You can test a fuse using either a digital volt-ohmmeter or an analog volt-ohmmeter. The digital multimeter uses a LCD to indicate the condition of the fuse under test while an analog meter uses a traditional meter movement to indicate the fuse condition.
Using a digital multimeter
Connect the test leads to the volt-ohmmeter. Plug the black test leads into the black jack marked "Com" or "Common" on the front of the meter. Plug the red test lead into the red jack marked "Volts/Ohms" on the front of the meter.
Set the meter's function switch to "Ohms" and the range switch to the "R x 1" scale. If your digital multimeter is an auto ranging meter, you will not have a range switch. Instead, you'll have just a function switch because the meter will automatically select the right range for the quantity that you are measuring.
Turn off the power and remove the fuse to be tested from the circuit. Never test a fuse for continuity while it is still connected to the circuit that it is used to protect. If the circuit still has voltage, the meter will be irreparably damaged. If the fuse is still in the circuit when tested it is possible to get a false indication that the fuse is good if the meter gets a completed circuit through other circuit components. To be safe, always remove the fuse from the circuit before testing it.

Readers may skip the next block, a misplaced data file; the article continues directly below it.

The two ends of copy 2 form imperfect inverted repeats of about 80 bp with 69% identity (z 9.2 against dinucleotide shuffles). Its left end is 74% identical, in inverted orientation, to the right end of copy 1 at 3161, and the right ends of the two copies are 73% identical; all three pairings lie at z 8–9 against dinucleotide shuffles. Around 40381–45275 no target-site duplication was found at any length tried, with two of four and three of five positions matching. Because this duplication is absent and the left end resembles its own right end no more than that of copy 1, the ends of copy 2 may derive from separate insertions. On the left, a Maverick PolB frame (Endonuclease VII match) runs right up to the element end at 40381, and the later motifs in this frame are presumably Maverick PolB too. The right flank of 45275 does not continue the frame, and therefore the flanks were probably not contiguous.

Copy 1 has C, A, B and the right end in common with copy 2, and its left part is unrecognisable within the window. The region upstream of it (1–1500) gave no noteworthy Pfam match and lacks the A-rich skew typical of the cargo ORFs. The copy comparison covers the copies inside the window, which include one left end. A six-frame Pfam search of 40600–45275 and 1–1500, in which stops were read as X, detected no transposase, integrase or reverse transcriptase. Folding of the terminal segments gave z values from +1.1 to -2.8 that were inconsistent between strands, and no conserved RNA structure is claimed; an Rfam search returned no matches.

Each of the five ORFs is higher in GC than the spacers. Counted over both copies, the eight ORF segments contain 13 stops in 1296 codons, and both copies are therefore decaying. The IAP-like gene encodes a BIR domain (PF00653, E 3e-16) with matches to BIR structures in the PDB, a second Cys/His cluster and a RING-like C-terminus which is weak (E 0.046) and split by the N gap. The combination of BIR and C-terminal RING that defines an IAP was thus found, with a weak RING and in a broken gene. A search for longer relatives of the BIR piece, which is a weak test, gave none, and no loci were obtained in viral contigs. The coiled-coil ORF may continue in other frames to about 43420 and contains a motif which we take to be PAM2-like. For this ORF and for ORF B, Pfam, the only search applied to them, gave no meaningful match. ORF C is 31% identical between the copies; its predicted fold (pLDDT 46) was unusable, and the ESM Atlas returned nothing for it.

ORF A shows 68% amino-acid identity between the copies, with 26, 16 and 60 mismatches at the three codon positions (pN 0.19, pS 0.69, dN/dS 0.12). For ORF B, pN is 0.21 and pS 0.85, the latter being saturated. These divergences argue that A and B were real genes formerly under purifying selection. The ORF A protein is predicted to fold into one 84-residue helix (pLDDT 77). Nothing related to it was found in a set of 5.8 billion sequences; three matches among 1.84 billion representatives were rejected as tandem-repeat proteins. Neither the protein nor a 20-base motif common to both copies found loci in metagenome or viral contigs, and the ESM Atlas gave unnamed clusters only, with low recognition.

Touch the black test probe to one end of the fuse and the red test probe to the other end of the fuse. It does not matter which probe you touch to which end because fuses are not polarized. You are checking to see if there is continuity through the fuse element. A reading of approximately 0.5 on a digital meter's LCD indicates a good fuse. Most digital meters read their own internal fuses resistance, hence 0.5 Ohms and not 0.00 Ohms. LCD readout of "O.L." indicates no continuity through the fuse. The fuse is bad and needs to be replaced.
Section two: Using an analog meter
Connect the test leads to the meter as you did in step one.
Set the function switch to "Ohms" and the Range Switch to "R x 1." All analog meters are manually ranging so you have to select the "R x 1" Ohms range.
Repeat steps three and four from Section One.
Things You Will Need
- Digital multimeter or analog multimeter